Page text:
Jerusalem chief rabbinate 311.
(photo credit: Marc Israel Sellem)
The American comedian Don Adams (of Get Smart fame) once quipped: “I love to get
married but I don’t like to be married.”
As the wedding season opened
this week in Israel with Tu Be’av, most of the Jewish public in Israel would say
just the opposite. Many Israelis are happy to be married, but they don’t love
getting married – at least through the rabbinate.
According to a recent
study, 80 percent of Israeli Jews say it is important or very important to them
to be married in a ceremony conducted by a rabbi. Furthermore, more than 90%
marry under a huppa having registered their marriages in local religious
councils. And yet, people are devastated by the behavior of the rabbinate, and a
large majority of Israelis think that civil marriage should be an
There are some rabbinates that are user friendly, but, generally,
the young, new generation and Generation X are dissatisfied by the services they
receive in the rabbinate. In my experience – and during the past year ITIM (a
non-profit agency dedicated to making Jewish life accessible to all) assisted
close to 2,000 couples who sought to get married in Israel – the procedures of
the rabbinate are cumbersome.
Additionally, these procedures are rarely
enforced by local rabbinates, who choose to make their own rules.
AVERAGE, a couple wishing to marry has to visit the rabbinate four times due to
a lack of familiarity with the complicated beauracratic procedures, which need
not exist in a process so common and simple. In many cases, marriage
registration and the accompanying Jewishness verification procedure are
conducted without respect, fairness or transparency, even at the elementary
In the past year we received queries about marriage bureaus that
still refuse to register converts, despite the fact that the Chief Rabbinate has
already issued an order to register them (a provision that also won the support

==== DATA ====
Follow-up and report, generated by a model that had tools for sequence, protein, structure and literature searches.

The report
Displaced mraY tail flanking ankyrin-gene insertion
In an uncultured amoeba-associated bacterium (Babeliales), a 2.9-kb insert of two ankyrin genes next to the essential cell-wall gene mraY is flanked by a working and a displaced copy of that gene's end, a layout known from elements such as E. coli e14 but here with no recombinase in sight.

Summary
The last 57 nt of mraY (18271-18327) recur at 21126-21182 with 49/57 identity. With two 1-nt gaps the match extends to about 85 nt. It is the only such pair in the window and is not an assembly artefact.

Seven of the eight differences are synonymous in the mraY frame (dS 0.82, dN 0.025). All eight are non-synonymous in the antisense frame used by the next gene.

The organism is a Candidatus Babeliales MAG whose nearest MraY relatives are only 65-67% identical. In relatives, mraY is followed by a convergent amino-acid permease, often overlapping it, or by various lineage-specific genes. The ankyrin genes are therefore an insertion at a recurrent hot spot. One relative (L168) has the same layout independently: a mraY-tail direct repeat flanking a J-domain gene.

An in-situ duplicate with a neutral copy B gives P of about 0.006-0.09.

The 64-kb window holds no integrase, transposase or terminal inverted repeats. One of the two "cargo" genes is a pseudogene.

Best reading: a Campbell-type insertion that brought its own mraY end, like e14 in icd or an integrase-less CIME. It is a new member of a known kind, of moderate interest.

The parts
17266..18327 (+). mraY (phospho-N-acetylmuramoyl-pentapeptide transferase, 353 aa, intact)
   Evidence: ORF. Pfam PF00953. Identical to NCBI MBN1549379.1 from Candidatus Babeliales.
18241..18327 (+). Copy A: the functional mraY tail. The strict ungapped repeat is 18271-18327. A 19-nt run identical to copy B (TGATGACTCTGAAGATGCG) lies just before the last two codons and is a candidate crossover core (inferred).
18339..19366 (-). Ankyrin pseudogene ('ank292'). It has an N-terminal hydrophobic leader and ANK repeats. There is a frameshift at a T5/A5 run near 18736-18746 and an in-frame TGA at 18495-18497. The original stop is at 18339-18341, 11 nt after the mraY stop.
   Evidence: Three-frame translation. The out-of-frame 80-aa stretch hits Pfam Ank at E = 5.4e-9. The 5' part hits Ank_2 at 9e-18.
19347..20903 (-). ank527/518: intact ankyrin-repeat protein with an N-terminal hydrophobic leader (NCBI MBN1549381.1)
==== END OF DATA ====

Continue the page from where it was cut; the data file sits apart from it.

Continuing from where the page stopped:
of Rabbi Ovadia Yosef). We have received complaints about registrars who were
unwilling to accept a person as Jewish even though his parents were married in
the country, which clearly contradicts the procedures of the Chief
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In other cases, registrars have refused to accept Jewishness
certification (of someone born a Jew!) from a rabbinical court, and sent the
couple to a private investigator (at their own expense), before agreeing to open
This would all be comical (in the Don Adams sense), if it
wasn’t so serious and outrageous.
In each of the cases outlined above,
ITIM’s offices turned to the Chief Rabbinate, which offered only partial
solutions, seeking to avoid confrontation with the local rabbinates.
DATE, the establishment repeatedly refuses to punish rabbis who alienate young
couples. However, the real problem is not the rabbinate. The real problem is on
the Israeli streets.
Nothing will change until all those who care about
the Jewish identity of the country wake up and protest. Our problem is not only
with the rabbis who are circling their wagons, it is also with the general
population who feigns indifference.
It’s time to call upon the rabbinic
establishment to improve its services to citizens and to refine the procedures
concerning registration of marriage. This year I turn specifically to residents
of Rishon Lezion, Hadera, Ashkelon, Ashdod and Rehovot – as well as many other
places where marriage registration disenfranchises young couples.
to the religious, the secular and the traditional; to new immigrants and to
veteran Israelis alike. If you would like our children to be married in a normal
manner, it’s time to wake up.
Make it clear to religious councils that
their treatment of their residents cannot continue to operate as a
comedy.Rabbi Dr. Seth (Shaul) Farber is the founder and director of
ITIM, which helps people interact with the religious establishment.
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